We refer to your report headlined, 'Distilled water can pose risk for hikers' (Sunday Morning Post, September 26). We are happy to offer some further information about bottled water.
Distilled water is the purest and the safest water on the market today. Watson's employs a number of processes to prepare its own water, beginning with multi-filtration pre-treatments.
This is followed by boiling the water at 105 degrees centigrade, then sterilising it and, finally, bottling it. The point of this expensive and time-consuming process is, of course, to guarantee the purity of the product, something of increasing importance in an increasingly polluted environment. Mineral water is extracted from the ground, which, by government regulation, must be located at a significant distance from urban areas as part of the effort to ensure water purity. Sadly, a number of product recalls suggest that risks nonetheless remain.
Even trace amounts of certain minerals can be dangerous. A number of countries have become increasingly concerned, for example, about levels in bottled water of arsenic, a carcinogen, and nitrites, which can affect brain development in children.
Even sodium, a less dangerous mineral, but which is usually found in bottled water, has been correlated with high blood pressure. Mandated daily sodium requirement is only 500 milligrams, but average daily intake hovers somewhere between six and seven grams. You probably do not want more sodium in your water.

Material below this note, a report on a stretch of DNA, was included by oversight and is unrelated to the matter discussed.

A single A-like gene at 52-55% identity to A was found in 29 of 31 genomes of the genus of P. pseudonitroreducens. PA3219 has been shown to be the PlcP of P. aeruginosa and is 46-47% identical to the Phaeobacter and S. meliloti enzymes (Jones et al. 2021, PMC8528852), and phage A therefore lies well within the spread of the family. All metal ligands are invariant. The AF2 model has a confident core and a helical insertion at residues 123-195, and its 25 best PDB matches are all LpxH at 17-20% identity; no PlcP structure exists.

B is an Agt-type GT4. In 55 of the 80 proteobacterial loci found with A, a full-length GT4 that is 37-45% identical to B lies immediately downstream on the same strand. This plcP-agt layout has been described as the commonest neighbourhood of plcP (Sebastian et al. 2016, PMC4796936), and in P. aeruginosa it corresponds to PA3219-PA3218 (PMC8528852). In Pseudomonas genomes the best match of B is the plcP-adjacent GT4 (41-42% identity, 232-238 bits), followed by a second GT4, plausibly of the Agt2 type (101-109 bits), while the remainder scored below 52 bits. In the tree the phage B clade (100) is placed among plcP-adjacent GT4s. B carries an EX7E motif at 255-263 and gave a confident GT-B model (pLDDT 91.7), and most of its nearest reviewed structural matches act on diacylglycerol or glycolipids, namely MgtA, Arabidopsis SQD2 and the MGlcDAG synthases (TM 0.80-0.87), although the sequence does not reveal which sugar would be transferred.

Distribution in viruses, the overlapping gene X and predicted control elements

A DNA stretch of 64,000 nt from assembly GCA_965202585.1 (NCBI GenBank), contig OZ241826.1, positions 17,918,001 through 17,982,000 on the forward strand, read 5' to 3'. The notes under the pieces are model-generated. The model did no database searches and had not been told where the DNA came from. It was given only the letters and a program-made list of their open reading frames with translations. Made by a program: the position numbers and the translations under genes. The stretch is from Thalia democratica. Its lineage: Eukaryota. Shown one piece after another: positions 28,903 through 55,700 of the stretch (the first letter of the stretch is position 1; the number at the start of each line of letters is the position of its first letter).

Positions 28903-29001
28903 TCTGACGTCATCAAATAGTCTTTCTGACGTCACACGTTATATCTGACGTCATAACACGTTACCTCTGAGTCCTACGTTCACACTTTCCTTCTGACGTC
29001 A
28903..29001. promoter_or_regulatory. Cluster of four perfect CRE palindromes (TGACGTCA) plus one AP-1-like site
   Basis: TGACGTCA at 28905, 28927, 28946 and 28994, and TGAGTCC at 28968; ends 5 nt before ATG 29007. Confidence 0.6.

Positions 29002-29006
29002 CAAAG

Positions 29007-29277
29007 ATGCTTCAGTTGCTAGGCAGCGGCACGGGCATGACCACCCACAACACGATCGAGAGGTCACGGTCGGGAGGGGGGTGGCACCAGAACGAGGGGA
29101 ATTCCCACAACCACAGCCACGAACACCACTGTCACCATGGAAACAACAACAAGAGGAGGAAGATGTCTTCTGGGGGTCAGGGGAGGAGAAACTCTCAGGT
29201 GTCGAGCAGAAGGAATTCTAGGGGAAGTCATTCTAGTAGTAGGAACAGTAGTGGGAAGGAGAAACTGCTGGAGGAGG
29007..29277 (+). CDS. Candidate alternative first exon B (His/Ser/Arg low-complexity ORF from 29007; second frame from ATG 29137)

With regard to so-called 'good' minerals, bottled water has either too few or none at all, making it unable to supply daily requirements.
Because the term 'mineral water' can be misleading and is often misused, the US Government requires water with very low mineral content to be labelled 'spring water'.
Clearly, a balanced diet is the only way to satisfy the body's need for minerals. Water, regardless of its type, cannot and should not be treated as a remedy for an otherwise poor diet.
EDMOND TSUI Director and General Manager Watson's Water